🙂 🙂 🙂
It’s May 1981, and Northern Ireland is on the brink of a complete breakdown of law and order, possibly even civil war. IRA prisoners in the Maze are on hunger strike, and when the first one dies the streets erupt in violent riots. In the midst of this mayhem, a man is found dead with his hand cut off. At first the police assume the victim was an informer, punished by one or other of the bunches of murderous nutters who held sway in NI at that time. However, when a second body is found, it appears that these killings may be nothing to do with the unrest – it looks like Northern Ireland might have its first serial killer, targeting gay men. It’s up to Detective Sergeant Sean Duffy and his team to catch him before he kills again…
The book starts out well. McKinty has a great writing style and paints an authentic seeming picture of NI at the height of the Troubles. The book is told in the first-person past-tense from Duffy’s viewpoint and he gives a good insight into the various divisions and factions that ruled the streets in those days. He also shows how socially conservative this small part of the world still was, even more than mainland Britain. The book touches not only on the victimisation of homosexuals but on the question of unmarried motherhood – shown as a thing so shameful that women would attempt to hide pregnancies, abandon their babies, or even, in some cases, commit suicide.
Duffy and his team are all likeable characters, and the interactions between them provide some humour which prevents the story from becoming too bleak. The Royal Ulster Constabulary (RUC) was, of course, a major target for the IRA and Catholic officers in particular were seen as traitors, selling out for English gold. McKinty shows Duffy as a Catholic who, like the vast majority, wants peace and in his case is prepared to put himself at risk to be part of achieving it, as many did in real life, too.
So there are many good things about the book. Unfortunately, however, credibility begins to nose-dive early on and eventually crashes into the set of a second-rate Bond pastiche. First off, a Catholic police officer is ridiculously unlikely to have bought a house in a Protestant stronghold at that time, unless he really had a death wish. The idea of him having a police issue sub-machine gun lying about on his hall table for weeks (just so’s it’d be handy when the plot required it) is ludicrous. That Willie Whitelaw, then Home Secretary, would ever have phoned a low-ranking police officer on behalf of MI5 is laughable. Et cetera, et cetera. And the ending, which obviously I can’t discuss, is like something out of a low-budget Bruce Willis rip-off.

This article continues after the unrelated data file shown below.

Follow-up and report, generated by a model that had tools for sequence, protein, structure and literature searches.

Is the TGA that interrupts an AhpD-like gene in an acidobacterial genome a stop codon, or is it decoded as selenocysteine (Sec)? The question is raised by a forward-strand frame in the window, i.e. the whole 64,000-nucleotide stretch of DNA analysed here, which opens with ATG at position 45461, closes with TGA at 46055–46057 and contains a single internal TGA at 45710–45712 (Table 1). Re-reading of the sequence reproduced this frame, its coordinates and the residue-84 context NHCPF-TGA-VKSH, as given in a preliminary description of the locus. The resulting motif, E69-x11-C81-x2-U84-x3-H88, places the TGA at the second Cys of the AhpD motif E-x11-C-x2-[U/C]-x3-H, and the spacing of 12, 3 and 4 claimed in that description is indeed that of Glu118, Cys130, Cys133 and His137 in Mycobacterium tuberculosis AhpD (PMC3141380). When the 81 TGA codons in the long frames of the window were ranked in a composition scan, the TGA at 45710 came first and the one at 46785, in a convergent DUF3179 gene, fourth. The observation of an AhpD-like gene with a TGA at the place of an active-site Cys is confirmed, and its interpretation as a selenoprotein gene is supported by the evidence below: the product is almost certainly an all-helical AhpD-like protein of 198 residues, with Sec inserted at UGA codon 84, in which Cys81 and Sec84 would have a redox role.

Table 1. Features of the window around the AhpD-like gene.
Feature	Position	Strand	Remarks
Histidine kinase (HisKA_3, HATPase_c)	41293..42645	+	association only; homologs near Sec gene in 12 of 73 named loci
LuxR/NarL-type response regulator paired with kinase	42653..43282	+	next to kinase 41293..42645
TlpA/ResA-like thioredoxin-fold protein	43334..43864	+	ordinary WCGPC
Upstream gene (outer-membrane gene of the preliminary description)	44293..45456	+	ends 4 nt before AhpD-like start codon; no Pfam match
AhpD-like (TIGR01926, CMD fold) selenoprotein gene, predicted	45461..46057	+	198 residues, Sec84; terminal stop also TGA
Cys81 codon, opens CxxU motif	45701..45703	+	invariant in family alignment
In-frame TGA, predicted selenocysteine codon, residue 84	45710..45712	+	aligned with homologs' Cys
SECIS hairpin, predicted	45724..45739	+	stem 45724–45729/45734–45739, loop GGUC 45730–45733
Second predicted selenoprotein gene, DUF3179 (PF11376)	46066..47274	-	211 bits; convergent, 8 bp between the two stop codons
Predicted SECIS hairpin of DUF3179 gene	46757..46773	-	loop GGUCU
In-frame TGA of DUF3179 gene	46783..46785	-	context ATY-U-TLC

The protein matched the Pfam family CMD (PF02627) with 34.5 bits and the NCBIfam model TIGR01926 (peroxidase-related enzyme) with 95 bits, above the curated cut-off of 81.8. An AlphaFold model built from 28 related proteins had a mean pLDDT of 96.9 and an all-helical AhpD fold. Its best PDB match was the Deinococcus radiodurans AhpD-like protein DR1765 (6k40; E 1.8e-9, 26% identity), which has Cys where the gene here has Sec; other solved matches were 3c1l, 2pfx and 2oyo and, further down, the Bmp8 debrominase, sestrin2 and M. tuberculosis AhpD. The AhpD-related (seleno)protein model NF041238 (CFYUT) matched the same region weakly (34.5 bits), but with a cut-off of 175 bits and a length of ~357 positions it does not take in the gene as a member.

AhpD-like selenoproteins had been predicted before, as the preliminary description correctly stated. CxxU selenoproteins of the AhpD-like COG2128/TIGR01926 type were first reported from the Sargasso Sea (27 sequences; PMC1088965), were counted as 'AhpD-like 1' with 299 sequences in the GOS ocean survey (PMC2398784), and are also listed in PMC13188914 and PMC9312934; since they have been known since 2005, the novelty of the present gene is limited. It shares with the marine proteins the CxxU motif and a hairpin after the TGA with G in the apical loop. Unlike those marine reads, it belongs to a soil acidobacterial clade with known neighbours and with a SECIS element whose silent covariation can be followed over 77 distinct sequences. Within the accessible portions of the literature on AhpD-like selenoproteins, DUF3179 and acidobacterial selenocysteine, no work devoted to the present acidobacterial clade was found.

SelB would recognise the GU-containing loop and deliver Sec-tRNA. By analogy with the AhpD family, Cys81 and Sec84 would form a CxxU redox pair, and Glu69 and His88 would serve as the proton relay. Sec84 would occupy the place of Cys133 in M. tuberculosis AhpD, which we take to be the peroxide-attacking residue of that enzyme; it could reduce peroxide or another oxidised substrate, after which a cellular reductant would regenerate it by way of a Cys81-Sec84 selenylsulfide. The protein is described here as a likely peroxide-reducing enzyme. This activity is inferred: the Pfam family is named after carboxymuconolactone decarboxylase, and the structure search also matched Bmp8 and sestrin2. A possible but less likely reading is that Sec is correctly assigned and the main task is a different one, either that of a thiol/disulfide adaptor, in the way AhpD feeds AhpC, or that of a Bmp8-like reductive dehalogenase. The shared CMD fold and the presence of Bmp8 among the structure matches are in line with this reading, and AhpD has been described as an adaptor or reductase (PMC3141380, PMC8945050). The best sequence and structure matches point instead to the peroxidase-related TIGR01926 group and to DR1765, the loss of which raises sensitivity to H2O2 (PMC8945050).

I think part of the problem is that McKinty, who lives in America, may be aiming for that market, and using words like “gasoline” instead of “petrol” reinforced that feeling. The more ridiculous the plot became, the less authentic the rest of the book felt to me. The quality of the research in the earlier part of the book means that I feel it must have been a deliberate choice rather than lack of knowledge for McKinty to veer so far beyond the credibility line as the book progressed – I suspect the words “movie deal” may have been on his to-do list.
A couple of final, brief criticisms. It’d be great if just once he could introduce a female character without immediately assessing her sexual attractiveness and/or willingness. I know that’s a noir tradition, but, you know, traditions don’t have to be followed slavishly once they become outdated. And, as with so much modern crime, the book is way too long for its content – there’s about a hundred pages in the middle that could have been cut with no loss.
Hard to rate – I found the first half very enjoyable, which made my disappointment with the long dip in the middle followed by the implausibility of the rest greater than it would otherwise have been. It works reasonably well as a slow thriller, but doesn’t live up to its early promise of giving a realistic picture of the difficulties of policing Northern Ireland in the midst of the Troubles.